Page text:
The majority claims that "Nothing in Montgomery indicates that its admissibility analysis is inapplicable if a defensive theory is raised in a defendant's opening statement." Ante, at 8. That may be true, (1) but that decision is not necessary to the disposition of this case today.
The majority states that the appellant's defensive theory was presented during cross-examination of the complainant. Ante, at 3. The majority concludes that this presentation of the defensive theory permitted the State to introduce evidence of specific acts of uncharged misconduct refuting that theory during its case-in-chief, despite a general prohibition on such evidence under Rule of Evidence Rule 404. I agree with that conclusion.
Having so concluded, the majority need not decide whether an opening statement would permit the same refutation of the appellant's defensive theory. The majority does not claim that in the absence of the appellant's opening statement the State could not have introduced evidence to refute the appellant's defensive theory. Therefore, discussion of the opening statement is obiter dictum and unnecessary to the disposition of the case.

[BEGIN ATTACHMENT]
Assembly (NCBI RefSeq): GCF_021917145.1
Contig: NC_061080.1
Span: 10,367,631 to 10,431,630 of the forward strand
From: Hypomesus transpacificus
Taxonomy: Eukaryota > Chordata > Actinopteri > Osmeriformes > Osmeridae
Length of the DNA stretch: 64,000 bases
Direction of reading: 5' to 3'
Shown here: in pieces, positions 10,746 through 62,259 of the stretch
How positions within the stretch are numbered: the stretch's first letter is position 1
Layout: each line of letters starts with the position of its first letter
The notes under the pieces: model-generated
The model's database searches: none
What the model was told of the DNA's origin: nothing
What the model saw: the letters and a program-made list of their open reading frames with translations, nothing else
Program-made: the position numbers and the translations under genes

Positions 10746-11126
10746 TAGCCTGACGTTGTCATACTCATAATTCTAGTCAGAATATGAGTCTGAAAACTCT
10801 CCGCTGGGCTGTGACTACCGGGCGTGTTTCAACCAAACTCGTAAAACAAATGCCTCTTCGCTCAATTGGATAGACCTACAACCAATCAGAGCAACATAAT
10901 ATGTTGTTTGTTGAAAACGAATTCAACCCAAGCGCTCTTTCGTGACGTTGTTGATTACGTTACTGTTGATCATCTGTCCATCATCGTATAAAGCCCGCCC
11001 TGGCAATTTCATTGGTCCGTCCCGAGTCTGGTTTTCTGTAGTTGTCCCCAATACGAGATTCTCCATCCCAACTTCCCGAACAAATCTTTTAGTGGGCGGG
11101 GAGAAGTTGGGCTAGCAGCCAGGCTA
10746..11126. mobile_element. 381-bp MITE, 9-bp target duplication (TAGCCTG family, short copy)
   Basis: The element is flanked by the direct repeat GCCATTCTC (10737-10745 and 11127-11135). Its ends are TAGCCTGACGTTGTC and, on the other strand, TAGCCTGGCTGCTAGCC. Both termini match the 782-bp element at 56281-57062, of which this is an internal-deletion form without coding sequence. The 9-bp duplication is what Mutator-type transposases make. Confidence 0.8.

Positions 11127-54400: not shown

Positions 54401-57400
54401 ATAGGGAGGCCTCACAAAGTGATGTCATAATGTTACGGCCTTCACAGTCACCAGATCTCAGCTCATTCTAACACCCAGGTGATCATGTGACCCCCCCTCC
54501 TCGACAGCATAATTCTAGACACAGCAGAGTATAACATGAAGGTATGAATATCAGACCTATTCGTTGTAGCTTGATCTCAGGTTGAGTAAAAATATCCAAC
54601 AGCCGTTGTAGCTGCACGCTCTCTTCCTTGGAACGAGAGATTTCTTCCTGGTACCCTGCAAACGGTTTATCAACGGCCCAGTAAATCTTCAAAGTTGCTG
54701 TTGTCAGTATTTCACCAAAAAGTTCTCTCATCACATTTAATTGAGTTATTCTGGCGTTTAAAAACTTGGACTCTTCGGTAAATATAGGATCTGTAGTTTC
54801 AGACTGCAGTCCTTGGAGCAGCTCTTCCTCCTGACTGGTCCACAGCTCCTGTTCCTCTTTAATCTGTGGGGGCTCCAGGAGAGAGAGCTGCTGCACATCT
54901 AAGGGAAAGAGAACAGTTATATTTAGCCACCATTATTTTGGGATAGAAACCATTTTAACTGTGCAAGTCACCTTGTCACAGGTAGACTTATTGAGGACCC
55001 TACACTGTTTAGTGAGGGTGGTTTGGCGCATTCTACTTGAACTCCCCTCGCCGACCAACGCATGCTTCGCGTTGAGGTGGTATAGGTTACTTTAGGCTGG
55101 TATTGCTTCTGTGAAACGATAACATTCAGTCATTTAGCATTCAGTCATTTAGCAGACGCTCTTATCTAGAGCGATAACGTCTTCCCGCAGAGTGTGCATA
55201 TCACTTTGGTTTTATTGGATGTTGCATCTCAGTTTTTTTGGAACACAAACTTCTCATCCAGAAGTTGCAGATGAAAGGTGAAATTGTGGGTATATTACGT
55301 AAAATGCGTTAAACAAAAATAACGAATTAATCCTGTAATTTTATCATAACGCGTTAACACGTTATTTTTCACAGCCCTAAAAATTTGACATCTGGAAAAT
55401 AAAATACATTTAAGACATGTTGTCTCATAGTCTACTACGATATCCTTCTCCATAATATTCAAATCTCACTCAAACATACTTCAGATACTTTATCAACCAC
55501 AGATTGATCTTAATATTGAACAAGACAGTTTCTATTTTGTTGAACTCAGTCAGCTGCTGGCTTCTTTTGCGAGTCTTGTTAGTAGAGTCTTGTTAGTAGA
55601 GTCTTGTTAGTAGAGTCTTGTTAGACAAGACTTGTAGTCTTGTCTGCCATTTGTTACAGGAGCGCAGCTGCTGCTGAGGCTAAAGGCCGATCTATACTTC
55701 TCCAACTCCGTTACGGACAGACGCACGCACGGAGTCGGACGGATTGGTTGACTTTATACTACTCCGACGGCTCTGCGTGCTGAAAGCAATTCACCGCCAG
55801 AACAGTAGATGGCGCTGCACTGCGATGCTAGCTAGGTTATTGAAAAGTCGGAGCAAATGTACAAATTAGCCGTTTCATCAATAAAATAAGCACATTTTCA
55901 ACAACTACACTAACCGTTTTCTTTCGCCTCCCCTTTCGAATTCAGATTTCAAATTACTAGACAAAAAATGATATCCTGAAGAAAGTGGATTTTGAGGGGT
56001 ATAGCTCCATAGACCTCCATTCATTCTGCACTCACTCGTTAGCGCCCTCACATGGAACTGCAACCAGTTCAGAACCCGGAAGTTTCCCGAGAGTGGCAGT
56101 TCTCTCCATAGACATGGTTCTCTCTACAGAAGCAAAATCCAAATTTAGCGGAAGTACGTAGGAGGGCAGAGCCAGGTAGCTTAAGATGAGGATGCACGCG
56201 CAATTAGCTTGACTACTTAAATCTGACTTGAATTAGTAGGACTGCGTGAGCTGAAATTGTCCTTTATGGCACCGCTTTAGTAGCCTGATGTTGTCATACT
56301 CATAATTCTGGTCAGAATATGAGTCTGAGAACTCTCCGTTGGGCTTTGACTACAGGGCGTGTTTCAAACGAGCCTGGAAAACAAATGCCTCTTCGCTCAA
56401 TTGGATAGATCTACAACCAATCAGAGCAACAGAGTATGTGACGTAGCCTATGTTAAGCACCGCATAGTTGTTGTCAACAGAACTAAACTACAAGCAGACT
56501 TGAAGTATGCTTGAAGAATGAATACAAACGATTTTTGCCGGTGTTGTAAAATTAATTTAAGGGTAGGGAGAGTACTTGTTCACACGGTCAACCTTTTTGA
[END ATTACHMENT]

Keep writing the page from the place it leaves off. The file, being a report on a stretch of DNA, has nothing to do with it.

I join the Court's judgment but not its opinion.
Delivered: November 28, 2001.
1. The majority relies on
1. The majority relies onMontgomery v. State, 810 S.W.2d 372 (Tex. Crim. App. 1990) (op. on reh'g), to support its conclusion that the defendant opened the door to allow the State to present evidence to rebut a defensive theory. In Montgomery, we addressed the admission of evidence of uncharged misconduct in the form of statements made by Montgomery's wife. Id. at 394-97. The question, whether opening statements are evidence, was not raised in that case. But the majority applies Montgomery to this case without analysis. That is quite a leap.